Last updated on July 15th, 2022 at 03:47 pm
The yellow peacock cichlid, Aulonocara baenschi, is one of the most beautiful and sought-after African Cichlids in the aquarium trade. It was described by Mbipia in 1956 as Labeotropheus baenschi but was later reclassified into its own genus as Aulonocara baenschi. The fish can reach up to 6 inches (15 cm) in length and will eat anything it can fit into its mouth from plant matter to snails to smaller fish.
Aulonocara baenschi is a species of African cichlid from the Great Lakes region in East Africa. They are very popular among aquarists and have been bred in captivity since the 1970s and 1980s.
The yellow peacock cichlids are among the most popular and sought-after aquarium fish for people that keep freshwater or brackish water aquariums. They are part of the Aulonocara genus which is native to Lake Malawi and Lake Malombe in Eastern Africa from Tanzania to Mozambique.
Origin and descriptions
The yellow peacock cichlid or Mbamba Bay cichlid is a very popular fish species among freshwater aquarists. This cichlid originated in lakes and swamps of Lake Malawi and its distribution area extends from there to other African countries. It was described by Belgian ichthyologist Louis Etienne Gustave Jousseaume in 1885.
The genus name translates as hollow cheek or cavity jaw and alludes to indentations on either side of their pharyngeal teeth when they are viewed from above. The species name honors Félix-Antoine Baensch, an early supporter of German aquarium societies who helped arrange transport for naturalists such as Richard Hertwig who collected the type specimen.
The common name refers to males that exhibit prominent black spots on yellow backgrounds during the breeding period. Being a dominant species in its native range, A. baenschi preys upon smaller fishes such as juveniles of its own kind or fry of other cichlids; it sometimes practices kleptoparasitism by stealing food caught by others instead of hunting for itself.
Aulonocara baenschi is a species of fish in the Cichlidae family. It is endemic to Malawi. Its natural habitat is freshwater lakes. It is threatened by habitat loss. The species is most closely related to its namesake, Aulonocara hansbaenschi, and was originally named Aulonocara hansbaenschi subsp. rajae.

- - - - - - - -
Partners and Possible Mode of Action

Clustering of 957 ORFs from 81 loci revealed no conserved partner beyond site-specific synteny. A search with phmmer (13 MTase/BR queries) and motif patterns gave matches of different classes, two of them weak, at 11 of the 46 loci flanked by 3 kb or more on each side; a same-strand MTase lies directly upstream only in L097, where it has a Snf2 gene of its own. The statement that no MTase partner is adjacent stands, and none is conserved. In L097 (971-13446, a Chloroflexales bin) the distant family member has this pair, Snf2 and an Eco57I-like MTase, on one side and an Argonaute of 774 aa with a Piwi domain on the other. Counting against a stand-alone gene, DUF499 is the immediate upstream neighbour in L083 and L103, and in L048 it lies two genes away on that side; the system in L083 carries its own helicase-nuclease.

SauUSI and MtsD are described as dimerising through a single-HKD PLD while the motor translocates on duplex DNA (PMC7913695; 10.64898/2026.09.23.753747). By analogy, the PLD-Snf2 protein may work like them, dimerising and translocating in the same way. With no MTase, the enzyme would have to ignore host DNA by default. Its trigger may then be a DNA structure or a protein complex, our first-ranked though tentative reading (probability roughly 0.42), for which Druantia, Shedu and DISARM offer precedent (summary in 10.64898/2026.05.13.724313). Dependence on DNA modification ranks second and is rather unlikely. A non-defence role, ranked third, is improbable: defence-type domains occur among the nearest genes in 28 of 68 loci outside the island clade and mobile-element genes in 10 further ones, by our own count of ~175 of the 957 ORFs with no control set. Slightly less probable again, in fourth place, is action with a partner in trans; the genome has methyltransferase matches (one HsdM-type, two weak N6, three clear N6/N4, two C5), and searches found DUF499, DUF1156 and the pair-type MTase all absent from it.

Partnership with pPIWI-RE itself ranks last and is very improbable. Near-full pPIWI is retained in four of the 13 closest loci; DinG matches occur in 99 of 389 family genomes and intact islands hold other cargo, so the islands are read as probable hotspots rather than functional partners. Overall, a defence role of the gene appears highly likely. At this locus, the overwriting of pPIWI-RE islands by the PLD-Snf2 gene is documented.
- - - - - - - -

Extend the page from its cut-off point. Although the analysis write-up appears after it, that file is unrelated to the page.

However, morphological and molecular data confirm that it should be considered a separate species from that complex; it is described as a junior synonym of Parachromis friedrichsthalii by Kullander & Rivaton in 1986 under its current name until proved otherwise. It is similar to many peacocks but easily distinguished by an ochreous colored streak extending back through its eye to behind the operculum.
In addition, males have six vertical bars on their flanks while females have five or fewer and are generally smaller than males. This juvenile male reaches just over 2 inches in length at approximately 1-2 years old and has not yet started developing his characteristic horizontal barring.
The Yellow Peacock Aulonocara is usually found in large schools in Lake Malawi, and can also be seen in rivers where it can reach populations of up to 50,000. They are considered part of a group known as Labeotropheus or Malawi Cichlids. These fish are very active swimmers that tend to swim quite close to each other.
It’s common for these fish to form colonies when they’re young; however, they break off into smaller groups when they mature and become sexually active males or females. Males develop their characteristic yellow coloring at around 6 months of age while females remain more silver-colored but with a black line on their side that runs from their eye down into their tail fin.
Aulonocara baenschi size
Yellow peacock cichlid grows to an average size of 6 inches (15 cm) in length.
Aulonocara baenschi tank size
The minimum recommended tank size is 60 gallons (273 liters)
Tank set up
A yellow peacock cichlid aquarium should be set up with a ratio of 75% to 90% water and 10% to 25% substrate. The substrate can be fine gravel or sand, along with rocks that provide shelter for your fish, which are aggressive towards other types of fish. Ideally, you want one male for every two to five females, but in many cases where space is limited a single male can control as many as 10 females.
However, if your tank contains more than two males, there will almost certainly be fighting until only one remains. Because of their aggressive nature, it’s not recommended to keep them with smaller, docile species such as tetras and rainbowfish. They also don’t mix well with other members of their own species either, so avoid housing more than one per tank unless there’s plenty of space for each fish to spread out into its own territory.